In his 2nd fight with Matt Hughes, George St. Pierre  knocked out Hughes with punches and a vicious left kick.  In their 3rd fight, GSP took Hughes to the ground, outwrestled him at his own game, and completely outclassed Matt Hughes on the ground to submit Matt Hughes.  (Keep in Mind that Hughes is a career wrestler.)  When you realize that GSP came to MMA with minimal grappling skills, you develop an appreciation for the athlete (And hard worker), he must be to make such strides so quickly. 

 While GSP did not introduce any new styles or techniques, he showed us a glimpse of what can happen when superior super-athletes become involved in this sport.  Combining his superior athletecism with hard work, GSP has dominated top level competition.  He does not squeeze out wins, but completely outclasses top level compettion, twice destroying Matt Hughes, displaying absolute dominance over top level contenders, BJ Penn, Jon Fitch, and Thiago Alves. 

Strong, Agile, Explosive, he shows us what’s to come in the future of the sport.   

Lyoto Machida: 



Incorporating &  Introducing Elements of a New Style: Karate!

 Let’s face it.  Most modern MMA fighters follow a simple boring formula because it’s safe and they figure it’s tested.  Few guys step outside the box and look to venture into incorporating various elements of various Martial Arts.  They’ll do some Muay Thai, some wrestling and Jiu Jitsu and that’s 90% of the fighters out there.  Some may venture out and work with an actual “Western Boxing” coach who teaches them some proper hand combos and even uppercuts.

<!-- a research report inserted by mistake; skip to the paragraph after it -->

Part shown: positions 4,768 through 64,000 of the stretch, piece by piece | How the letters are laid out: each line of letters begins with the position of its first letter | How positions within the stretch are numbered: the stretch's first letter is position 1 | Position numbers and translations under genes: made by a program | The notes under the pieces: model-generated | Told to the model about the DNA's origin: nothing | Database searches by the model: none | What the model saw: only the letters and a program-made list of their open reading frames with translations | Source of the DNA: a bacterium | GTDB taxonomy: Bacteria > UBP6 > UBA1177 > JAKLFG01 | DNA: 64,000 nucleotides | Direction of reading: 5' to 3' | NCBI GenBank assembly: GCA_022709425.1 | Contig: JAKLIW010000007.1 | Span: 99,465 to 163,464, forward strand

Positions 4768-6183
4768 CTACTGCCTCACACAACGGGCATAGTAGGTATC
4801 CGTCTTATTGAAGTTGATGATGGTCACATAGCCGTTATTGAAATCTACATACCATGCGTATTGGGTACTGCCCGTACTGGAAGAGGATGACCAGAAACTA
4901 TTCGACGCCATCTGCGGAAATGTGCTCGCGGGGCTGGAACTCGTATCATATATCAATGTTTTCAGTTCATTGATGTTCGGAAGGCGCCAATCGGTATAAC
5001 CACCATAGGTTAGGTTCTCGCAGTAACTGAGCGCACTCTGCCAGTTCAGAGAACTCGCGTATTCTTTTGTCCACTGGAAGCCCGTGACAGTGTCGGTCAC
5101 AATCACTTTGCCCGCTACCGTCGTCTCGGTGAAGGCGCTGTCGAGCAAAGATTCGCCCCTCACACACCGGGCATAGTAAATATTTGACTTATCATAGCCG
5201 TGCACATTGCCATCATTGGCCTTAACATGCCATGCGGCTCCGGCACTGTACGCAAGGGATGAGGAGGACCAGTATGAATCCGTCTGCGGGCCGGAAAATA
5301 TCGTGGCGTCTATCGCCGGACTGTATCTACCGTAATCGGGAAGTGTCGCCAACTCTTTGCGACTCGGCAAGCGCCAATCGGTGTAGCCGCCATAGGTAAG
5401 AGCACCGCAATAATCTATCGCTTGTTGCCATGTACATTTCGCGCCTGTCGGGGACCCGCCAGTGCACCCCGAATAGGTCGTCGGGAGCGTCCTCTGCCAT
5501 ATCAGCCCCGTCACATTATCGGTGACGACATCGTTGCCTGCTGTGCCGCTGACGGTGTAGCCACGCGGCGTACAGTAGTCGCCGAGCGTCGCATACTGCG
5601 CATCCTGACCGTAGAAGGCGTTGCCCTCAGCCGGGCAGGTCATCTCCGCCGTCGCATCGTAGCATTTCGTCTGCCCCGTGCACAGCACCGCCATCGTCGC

Few MMA fighters are willing to venture out this boring formula.  View are willing to explore, and incorporate new things.  Few are progressive.   Granted the formula works, but it’s potential is also more limited.  A great athlete can venture outside this formula and gain greater skills by incorporating other techniques from other Martial Arts.

 With his Karate background, Machida ventured into breaking that boring mold.  With Kicks that came from all sorts of various angles, a different stance, and precision that’s 2nd only to Anderson Silva, he knocked people out while confusing them.  You have to respect Machida for this.  Most of his opponents have trouble preparing for him because they can’t even find sparring partners who resemble his style. (And yes, we can all agree that Shogun Rua beat him.)  There is something to be learned from Machida’s refusal to blend in, and ordering from the same menu every other fighter does. 

  He deserves credit for changing our minds.  Before Machida, everyone thought you had to go to a nice Muay Thai school to fight in the Octagon or MMA in general.   Lyoto Machida changed that.